Cape Verdean President Visits

NEWS FEATURE

News & Events

AUGUST 12, 2014

Jorge Carlos Fonseca, president of the Republic Cabo Verde (Cape Verde), and First Lady Lígia Fonseca, were the guests of honor at a luncheon and reception hosted by BSU President Dr. Dana Mohler-Faria.

At the reception, held in the Heritage Room of the Maxwell Library, Dr. Joao Rosa, the founding executive director of the new Pedro Pires Institute for Cape Verdean Studies at Bridgewater, delivered introductory remarks:

“Today’s program is still another example of the close relationship which exists between this university and the people and the leadership of the nation of Cape Verde.”

In his remarks, President Mohler-Faria said, “I returned just a week ago from my most recent visit to Cape Verde and I’m very grateful for the friendship and acts of hospitality that I received there. President Fonseca was a most gracious host to me, and my visit there, as well as my many previous contacts, convince me that we have a special opportunity to begin to connect the Cape Verdean community here in the U.S. with Cape Verde.

“Our efforts to form a cohort here improves our ability to work together with Cape Verde to create projects, to better communicate and to share resources,” he continued.

“When I was elected president of this university in 2002, the prime minister of Cape Verde called me and asked to meet with me. Subsequently we spent much of an entire day discussing how Bridgewater could work collaboratively with Cabo Verde. This, in turn, led to the launching of a number of initiatives, including major funding grants and the founding of the first public university in Cape Verde. In addition, for the last eight years we have brought to Bridgewater a group of students from Cape Verde who studied here and earned degrees here and have gone back to Cape Verde to share their knowledge and talent.”

President Fonseca praised the “spirit of cooperation which we enjoy with this university which only gets better and better.”

He said he had come to America to attend last week’s US-Africa Leaders Summit, where President Obama hosted the heads of African states and their delegations in the US Capital.

“I made sure that my visit to your country included the chance to come to New England to meet with the many people in this region who have connections with Cape Verde, and that of course meant coming to Bridgewater, where we have such a good number of friends and partners,” he said.

A former university professor and college president himself, President Fonseca said his connections to Bridgewater “are very important to me personally as well as in my capacity as president.” Higher education is “vitally important” to the development of Cape Verde, he said, “and for our population of a little over 500,000, we have, for the first time in our nation’s history, more people studying in Cape Verde than are studying outside.”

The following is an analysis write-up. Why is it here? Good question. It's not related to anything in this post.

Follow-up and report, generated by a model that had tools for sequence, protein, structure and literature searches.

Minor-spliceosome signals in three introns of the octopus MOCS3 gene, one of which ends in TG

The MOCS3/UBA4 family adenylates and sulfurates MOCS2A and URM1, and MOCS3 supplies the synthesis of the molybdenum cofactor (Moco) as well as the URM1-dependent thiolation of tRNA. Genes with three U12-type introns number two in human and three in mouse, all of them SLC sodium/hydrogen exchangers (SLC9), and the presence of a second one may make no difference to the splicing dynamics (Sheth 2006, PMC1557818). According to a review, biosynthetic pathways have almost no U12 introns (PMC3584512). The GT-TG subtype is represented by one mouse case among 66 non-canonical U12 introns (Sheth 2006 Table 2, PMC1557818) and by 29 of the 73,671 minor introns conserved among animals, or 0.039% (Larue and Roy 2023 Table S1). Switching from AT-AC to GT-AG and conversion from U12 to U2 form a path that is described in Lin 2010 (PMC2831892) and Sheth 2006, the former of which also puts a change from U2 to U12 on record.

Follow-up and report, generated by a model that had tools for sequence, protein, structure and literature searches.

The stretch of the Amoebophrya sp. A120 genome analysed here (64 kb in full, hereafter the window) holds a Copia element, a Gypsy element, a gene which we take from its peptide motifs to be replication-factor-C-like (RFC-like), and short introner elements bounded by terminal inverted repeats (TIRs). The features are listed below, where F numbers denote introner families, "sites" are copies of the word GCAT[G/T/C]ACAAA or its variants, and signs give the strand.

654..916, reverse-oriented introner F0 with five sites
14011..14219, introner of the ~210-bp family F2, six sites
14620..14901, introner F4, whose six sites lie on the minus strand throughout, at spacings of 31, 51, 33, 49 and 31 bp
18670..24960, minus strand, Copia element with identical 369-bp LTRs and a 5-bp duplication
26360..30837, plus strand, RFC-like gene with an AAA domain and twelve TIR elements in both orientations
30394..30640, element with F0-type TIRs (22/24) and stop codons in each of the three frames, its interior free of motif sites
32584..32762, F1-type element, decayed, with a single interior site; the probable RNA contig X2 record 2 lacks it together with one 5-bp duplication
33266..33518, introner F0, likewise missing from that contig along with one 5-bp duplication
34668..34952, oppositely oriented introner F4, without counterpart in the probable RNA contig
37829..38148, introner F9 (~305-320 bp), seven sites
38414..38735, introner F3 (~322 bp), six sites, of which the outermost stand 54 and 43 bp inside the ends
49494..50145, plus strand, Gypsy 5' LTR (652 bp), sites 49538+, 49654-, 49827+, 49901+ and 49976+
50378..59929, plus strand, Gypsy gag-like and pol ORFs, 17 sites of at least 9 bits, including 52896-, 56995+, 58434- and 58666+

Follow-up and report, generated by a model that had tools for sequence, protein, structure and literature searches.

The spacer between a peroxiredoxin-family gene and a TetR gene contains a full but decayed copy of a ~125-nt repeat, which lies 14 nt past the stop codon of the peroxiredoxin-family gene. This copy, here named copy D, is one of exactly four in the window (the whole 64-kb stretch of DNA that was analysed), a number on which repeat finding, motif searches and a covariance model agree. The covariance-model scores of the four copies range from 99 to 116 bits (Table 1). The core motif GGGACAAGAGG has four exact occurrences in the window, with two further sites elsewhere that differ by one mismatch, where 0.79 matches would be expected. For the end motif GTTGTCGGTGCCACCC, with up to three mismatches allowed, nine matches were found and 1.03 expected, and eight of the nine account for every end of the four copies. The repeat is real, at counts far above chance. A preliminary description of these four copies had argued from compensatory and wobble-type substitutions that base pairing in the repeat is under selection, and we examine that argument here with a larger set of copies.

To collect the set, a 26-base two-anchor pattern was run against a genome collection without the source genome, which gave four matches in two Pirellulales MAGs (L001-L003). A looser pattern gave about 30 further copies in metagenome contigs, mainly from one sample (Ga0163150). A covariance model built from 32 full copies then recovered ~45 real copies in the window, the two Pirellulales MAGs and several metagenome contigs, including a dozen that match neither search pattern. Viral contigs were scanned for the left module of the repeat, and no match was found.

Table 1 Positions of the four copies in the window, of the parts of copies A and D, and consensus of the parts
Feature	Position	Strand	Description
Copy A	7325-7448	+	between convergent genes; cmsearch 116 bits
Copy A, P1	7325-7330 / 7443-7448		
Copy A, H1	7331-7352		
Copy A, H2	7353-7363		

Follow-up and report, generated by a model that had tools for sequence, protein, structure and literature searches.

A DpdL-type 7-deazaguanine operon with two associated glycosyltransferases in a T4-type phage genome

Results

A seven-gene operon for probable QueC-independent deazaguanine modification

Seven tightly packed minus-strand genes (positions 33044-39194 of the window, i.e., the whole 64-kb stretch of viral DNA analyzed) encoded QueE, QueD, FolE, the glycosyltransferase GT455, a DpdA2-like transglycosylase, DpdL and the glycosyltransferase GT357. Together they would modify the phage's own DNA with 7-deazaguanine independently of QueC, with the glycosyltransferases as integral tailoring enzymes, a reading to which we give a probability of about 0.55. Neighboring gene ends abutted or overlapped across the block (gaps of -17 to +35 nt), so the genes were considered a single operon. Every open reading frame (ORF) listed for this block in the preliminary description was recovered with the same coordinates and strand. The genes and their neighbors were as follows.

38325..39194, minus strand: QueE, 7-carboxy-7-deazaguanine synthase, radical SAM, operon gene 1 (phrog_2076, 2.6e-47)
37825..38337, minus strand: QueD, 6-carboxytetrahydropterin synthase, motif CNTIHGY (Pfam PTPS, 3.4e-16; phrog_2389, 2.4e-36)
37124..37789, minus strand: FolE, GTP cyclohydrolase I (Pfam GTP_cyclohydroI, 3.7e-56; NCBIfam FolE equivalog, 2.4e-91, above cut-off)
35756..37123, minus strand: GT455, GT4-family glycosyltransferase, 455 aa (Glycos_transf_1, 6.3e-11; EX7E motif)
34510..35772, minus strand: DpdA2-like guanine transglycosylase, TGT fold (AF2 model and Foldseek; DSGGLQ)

President Fonseca added that more needs to be done in the area of higher education. “We have to have a greater number of our university teachers earning advanced degrees, specifically master’s and doctoral degrees, and we have to encourage more active research and scholarship on their part,” he said.

He said he hopes to continue working closely with BSU to “further develop, strengthen and widen the networks which have been established over the past years between our republic and this university” because “these connections have already been so fruitful and productive for all of us.”

Among other dignitaries in attendance were José Luis Rocha, ambassador of the Republic of Cabo Verde to the United States, and Pedro Graciano Gomes de Carvalho,  the current consul general of the island nation in Boston.

Photo caption: Jorge Carlos Fonseca, president of the Republic Cabo Verde, and First Lady Lígia Fonseca, (second and third from right) join with BSU President Dr. Dana Mohler-Faria at  the reception. At far left is Pedro Graciano Gomes de Carvalho,  current Consul General of Cape Verde in Boston; Ambassador of the Republic of Cabo Verde to the U.S. José Luis Rocha; and Dr. Joao Rosa, executive director of the Pedro Pires Institute for Cape Verdean Studies at Bridgewater. (Story and photo by David K. Wilson, ’71, University News)

Fonseca was assistant professor and chairman of the board of the Institute for Law and Social Sciences in Cape Verde. He is also founder and Chairman of the Board of Directors of the “Direito e Justiça” Foundation, founder and director of the magazine “Direito e Cidadania”, collaborator to the magazine “Revista Portuguesa de Ciência Criminal”, and a member of the editorial board of “Revista de Economia e Direito” of the Universidade Autónoma de Lisboa. Fonseca has written several books and published over fifty scientific and technical works on law, and also two books of poetry. He has been awarded several times by the State of Cape Verde, is also holder of the status of Freedom Fighters of the Country.[1]